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There are lots of options that we can use to do text editing in Linux. This tutorial provides how to to text editing in Linux with vi and nano software.


The vi (pronounce: vee ay) editor is a screen-oriented text editor originally created for the Unix operating system. The vi editor is the most text editor that Linux users use for text editing. The vi editor has two modes: command and insert. The command mode allows the entry of commands to manipulate text. The insert mode puts anything typed on the keyboard into the current file. vi starts out in command mode. There are several commands that put the vi editor into insert mode. The most commonly used commands to get into insert mode are a and i. These two commands are described below. Once you are in insert mode, you get out of it by hitting the escape key. Except where indicated, vi is case sensitive. Below is list of the vi editor commands:

Cursor Movement Commands:
(n) indicates a number, and is optional
(n)hleft (n) space(s)
(n)jdown (n) space(s)
(n)kup (n) space(s)
(n)lright (n) space(s)
(The arrow keys usually work also)
^Fforward one screen
^Bback one screen
^Ddown half screen
^Uup half screen
(^ indicates control key; case does not matter)
Hbeginning of top line of screen
Mbeginning of middle line of screen
Lbeginning of last line of screen
Gbeginning of last line of file
(n)Gmove to beginning of line (n)
0(zero) beginning of line
$end of line
(n)wforward (n) word(s)
(n)bback (n) word(s)
eend of word
Inserting Text:
iinsert text before the cursor
aappend text after the cursor (does not overwrite other text)
Iinsert text at the beginning of the line
Aappend text to the end of the line
rreplace the character under the cursor with the next character typed
ROverwrite characters until the end of the line (or until escape is pressed to change command)
o(alpha o) open new line after the current line to type text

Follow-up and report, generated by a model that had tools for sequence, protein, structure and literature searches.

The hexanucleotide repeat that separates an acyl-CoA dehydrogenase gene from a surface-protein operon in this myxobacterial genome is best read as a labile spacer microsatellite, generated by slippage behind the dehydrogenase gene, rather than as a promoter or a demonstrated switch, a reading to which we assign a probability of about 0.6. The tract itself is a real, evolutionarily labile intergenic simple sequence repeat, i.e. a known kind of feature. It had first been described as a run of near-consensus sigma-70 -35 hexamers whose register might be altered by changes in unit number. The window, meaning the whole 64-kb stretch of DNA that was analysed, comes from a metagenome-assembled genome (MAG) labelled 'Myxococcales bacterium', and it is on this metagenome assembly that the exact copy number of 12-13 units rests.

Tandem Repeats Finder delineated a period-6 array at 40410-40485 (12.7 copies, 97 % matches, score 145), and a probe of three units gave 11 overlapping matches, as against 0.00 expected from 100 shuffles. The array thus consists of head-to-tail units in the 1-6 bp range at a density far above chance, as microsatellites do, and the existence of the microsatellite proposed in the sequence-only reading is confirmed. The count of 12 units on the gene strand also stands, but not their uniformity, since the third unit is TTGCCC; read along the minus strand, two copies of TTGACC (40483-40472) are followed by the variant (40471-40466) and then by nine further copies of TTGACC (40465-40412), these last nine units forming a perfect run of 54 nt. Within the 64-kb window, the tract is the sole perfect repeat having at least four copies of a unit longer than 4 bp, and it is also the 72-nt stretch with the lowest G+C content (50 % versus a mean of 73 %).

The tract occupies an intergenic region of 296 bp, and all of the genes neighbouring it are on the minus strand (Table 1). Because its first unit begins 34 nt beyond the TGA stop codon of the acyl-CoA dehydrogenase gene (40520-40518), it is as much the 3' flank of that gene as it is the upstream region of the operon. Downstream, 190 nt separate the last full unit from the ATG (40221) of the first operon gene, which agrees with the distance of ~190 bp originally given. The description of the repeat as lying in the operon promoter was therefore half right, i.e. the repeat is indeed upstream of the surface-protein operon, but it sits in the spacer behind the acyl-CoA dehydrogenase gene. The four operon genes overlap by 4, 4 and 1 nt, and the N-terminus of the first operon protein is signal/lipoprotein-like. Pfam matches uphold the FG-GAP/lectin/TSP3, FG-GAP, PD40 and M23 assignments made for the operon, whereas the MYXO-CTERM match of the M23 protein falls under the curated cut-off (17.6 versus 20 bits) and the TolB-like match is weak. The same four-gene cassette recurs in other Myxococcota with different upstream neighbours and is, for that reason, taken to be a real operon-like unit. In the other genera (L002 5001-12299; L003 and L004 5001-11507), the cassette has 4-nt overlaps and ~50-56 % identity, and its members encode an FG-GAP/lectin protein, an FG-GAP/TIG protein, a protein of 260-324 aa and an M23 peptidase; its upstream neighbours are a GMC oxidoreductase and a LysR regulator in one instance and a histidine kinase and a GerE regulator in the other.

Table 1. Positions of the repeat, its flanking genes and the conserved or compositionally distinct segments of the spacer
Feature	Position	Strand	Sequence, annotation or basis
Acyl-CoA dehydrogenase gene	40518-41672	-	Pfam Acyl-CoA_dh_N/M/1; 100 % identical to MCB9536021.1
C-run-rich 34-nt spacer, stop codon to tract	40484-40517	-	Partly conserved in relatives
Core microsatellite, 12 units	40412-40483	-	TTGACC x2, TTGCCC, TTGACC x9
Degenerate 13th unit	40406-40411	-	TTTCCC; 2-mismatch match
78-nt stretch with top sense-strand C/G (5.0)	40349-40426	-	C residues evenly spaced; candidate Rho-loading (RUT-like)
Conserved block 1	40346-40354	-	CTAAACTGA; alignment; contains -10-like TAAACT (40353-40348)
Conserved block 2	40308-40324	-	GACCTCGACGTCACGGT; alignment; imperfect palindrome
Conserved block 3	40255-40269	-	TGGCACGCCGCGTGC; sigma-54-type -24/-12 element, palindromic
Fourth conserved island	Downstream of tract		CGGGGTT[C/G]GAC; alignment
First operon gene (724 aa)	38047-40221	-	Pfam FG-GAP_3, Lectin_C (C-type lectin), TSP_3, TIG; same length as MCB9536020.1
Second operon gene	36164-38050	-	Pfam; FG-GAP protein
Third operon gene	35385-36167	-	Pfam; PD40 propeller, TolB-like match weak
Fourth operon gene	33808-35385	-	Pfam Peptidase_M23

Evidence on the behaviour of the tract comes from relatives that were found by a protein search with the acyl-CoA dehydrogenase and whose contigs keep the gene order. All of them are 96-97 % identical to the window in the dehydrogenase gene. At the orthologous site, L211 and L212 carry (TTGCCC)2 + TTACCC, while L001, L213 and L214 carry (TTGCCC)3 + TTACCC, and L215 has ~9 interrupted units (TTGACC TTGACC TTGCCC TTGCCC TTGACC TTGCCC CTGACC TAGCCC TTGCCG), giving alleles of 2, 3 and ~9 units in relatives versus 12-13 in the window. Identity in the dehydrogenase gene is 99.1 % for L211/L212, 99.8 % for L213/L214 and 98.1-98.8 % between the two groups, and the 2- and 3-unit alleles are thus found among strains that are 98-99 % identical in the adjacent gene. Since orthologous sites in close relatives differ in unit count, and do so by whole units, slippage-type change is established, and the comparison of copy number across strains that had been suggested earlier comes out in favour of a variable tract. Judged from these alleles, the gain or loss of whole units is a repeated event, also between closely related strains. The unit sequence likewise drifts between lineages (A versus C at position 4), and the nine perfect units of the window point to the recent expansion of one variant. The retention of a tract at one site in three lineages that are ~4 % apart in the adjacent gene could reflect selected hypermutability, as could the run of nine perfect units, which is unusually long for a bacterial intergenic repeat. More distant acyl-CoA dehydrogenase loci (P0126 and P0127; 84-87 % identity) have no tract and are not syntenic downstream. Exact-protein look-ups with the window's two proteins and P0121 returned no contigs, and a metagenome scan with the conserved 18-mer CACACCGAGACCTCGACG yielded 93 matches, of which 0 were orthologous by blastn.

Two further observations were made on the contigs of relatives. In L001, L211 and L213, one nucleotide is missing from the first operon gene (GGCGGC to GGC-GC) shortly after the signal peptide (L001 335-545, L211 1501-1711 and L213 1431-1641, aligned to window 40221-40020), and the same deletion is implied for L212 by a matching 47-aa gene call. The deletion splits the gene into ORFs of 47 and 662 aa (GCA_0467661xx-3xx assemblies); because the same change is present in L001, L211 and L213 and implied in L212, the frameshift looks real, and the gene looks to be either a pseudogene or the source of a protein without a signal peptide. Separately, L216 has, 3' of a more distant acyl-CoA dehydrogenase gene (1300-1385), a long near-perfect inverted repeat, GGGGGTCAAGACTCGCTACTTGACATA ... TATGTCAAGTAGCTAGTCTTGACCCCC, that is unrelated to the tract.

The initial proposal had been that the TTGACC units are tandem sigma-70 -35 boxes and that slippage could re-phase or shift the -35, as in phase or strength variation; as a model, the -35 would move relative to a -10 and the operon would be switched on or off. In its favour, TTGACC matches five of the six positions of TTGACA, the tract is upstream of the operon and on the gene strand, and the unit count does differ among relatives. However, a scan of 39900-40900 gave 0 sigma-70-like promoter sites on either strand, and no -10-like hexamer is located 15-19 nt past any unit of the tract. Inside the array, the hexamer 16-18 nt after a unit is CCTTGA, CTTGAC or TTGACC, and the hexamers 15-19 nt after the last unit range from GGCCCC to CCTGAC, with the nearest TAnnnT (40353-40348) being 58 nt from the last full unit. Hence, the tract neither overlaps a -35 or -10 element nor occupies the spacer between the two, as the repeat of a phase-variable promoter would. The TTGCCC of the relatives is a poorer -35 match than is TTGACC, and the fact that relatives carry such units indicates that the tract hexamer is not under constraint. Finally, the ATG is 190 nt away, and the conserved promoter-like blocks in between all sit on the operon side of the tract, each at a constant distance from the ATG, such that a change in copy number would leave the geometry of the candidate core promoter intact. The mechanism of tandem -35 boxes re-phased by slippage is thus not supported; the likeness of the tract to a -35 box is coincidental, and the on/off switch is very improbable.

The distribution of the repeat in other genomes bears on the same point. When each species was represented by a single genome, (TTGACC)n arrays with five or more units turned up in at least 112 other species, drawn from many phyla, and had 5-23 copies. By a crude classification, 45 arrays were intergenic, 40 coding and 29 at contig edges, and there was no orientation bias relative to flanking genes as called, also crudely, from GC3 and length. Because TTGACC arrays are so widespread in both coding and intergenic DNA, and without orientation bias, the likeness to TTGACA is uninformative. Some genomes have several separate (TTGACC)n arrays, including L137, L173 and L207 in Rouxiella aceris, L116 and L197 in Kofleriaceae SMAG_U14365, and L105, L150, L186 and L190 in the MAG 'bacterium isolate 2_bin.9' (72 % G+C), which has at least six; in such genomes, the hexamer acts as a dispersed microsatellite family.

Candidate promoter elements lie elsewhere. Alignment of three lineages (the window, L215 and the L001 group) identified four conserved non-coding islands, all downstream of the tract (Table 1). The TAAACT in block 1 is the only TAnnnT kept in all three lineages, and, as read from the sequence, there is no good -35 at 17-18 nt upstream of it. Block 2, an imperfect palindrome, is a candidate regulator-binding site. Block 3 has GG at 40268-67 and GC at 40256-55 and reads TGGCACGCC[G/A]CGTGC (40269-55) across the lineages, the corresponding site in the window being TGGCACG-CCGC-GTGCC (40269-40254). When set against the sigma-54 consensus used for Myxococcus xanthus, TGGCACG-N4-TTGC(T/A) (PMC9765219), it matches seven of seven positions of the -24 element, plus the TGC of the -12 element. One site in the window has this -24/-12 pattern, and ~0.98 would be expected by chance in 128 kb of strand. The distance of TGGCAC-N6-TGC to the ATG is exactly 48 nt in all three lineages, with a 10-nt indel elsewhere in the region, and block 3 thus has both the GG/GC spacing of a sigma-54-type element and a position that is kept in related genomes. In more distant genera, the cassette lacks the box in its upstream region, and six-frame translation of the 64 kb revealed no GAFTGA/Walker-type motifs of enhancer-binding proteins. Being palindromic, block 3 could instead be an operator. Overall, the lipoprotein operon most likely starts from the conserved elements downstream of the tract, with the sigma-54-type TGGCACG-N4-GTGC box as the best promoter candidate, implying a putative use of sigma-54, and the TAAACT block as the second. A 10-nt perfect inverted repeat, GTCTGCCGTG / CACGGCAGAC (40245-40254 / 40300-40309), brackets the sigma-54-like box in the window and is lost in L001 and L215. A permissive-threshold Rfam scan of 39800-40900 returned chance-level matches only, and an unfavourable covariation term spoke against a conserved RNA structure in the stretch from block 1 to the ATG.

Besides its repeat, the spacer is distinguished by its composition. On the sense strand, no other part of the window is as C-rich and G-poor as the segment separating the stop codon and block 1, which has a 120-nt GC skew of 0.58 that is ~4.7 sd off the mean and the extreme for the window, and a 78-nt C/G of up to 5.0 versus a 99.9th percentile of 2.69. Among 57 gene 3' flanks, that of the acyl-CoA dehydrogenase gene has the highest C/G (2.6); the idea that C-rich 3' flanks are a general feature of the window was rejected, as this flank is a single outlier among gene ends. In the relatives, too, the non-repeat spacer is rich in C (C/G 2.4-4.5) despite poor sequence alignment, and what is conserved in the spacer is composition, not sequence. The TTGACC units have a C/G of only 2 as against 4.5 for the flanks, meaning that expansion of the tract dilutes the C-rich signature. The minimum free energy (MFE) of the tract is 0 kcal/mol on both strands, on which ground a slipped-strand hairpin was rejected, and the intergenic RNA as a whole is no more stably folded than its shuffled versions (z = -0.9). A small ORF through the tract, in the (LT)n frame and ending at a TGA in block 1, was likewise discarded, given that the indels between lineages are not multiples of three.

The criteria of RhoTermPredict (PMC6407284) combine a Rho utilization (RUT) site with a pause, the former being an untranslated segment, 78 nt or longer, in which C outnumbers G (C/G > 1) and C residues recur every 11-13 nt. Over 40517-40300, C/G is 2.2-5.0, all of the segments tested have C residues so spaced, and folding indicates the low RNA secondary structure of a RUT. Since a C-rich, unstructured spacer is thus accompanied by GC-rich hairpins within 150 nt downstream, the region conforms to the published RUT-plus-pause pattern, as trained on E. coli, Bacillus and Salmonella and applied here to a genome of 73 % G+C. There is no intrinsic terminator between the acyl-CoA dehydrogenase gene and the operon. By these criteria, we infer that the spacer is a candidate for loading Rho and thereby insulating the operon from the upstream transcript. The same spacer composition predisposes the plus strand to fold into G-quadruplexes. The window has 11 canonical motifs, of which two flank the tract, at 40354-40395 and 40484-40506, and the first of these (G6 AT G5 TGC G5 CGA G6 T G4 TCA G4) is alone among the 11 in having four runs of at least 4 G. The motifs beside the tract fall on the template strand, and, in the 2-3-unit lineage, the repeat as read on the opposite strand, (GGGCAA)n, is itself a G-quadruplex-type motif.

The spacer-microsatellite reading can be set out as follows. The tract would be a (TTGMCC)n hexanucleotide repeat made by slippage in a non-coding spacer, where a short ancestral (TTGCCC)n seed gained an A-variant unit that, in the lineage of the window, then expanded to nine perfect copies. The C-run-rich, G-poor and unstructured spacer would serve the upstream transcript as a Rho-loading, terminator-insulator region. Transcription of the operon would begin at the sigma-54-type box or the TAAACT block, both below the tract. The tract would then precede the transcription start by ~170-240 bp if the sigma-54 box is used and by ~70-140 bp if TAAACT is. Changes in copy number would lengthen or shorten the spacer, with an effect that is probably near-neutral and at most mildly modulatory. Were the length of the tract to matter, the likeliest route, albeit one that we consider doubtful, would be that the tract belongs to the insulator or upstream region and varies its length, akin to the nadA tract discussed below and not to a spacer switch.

O(alpha O) open new line before the current line to type text
Deleting Text:
dddeletes current line
(n)dddeletes (n) line(s)
(n)dwdeletes (n) word(s)
Ddeletes from cursor to end of line
xdeletes current character
(n)xdeletes (n) character(s)
Xdeletes previous character
Change Commands:
(n)ccchanges (n) characters on line(s) until end of the line (or until escape is pressed)
cwchanges characters of word until end of the word (or until escape is pressed)
(n)cwchanges characters of the next (n) words
c$changes text to the end of the line
ct(x)changes text to the letter (x)
Cchanges remaining text on the current line (until stopped by escape key)
~changes the case of the current character
Jjoins the current line and the next line
uundo the last command just done on this line
.repeats last change
ssubstitutes text for current character
Ssubstitutes text for current line
:ssubstitutes new word(s) for old
:<line nos effected> s/old/new/g
&repeats last substitution (:s) command.
(n)yyyanks (n) lines to buffer
y(n)wyanks (n) words to buffer
pputs yanked or deleted text after cursor
Pputs yanked or deleted text before cursor
File Manipulation:
:w (file)writes changes to file (default is current file)
:wq writes changes to current file and quits edit session
:w! (file)overwrites file (default is current file)
:q quits edit session w/no changes made
:q! quits edit session and discards changes
:n edits next file in argument list
:f (name)changes name of current file to (name)
:r (file)reads contents of file into current edit at the current cursor position (insert a file)
:!(command)shell escape
:r!(command)inserts result of shell command at cursor position
ZZwrite changes to current file and exit


To start using vi editor, simply type vi followed by the text file that you want to edit or new text file that you want to create.

vi example

$ vi


$ vi data.txt



nano is a text editor for Unix-like computing systems or operating environments using a command line interface. nano is keyboard-oriented, controlled with control keys. For example,  Ctrl+O saves the current file;   Ctrl+W goes to the search menu. Nano puts a two-line "shortcut bar" at the bottom of the screen, listing many of the commands available in the current context. For a complete list,  Ctrl+G gets the help screen.

To start using nano editor, simply type nano followed by the text file that you want to edit or new text file that you want to create.

nano example

$ nano


$ nano data.txt



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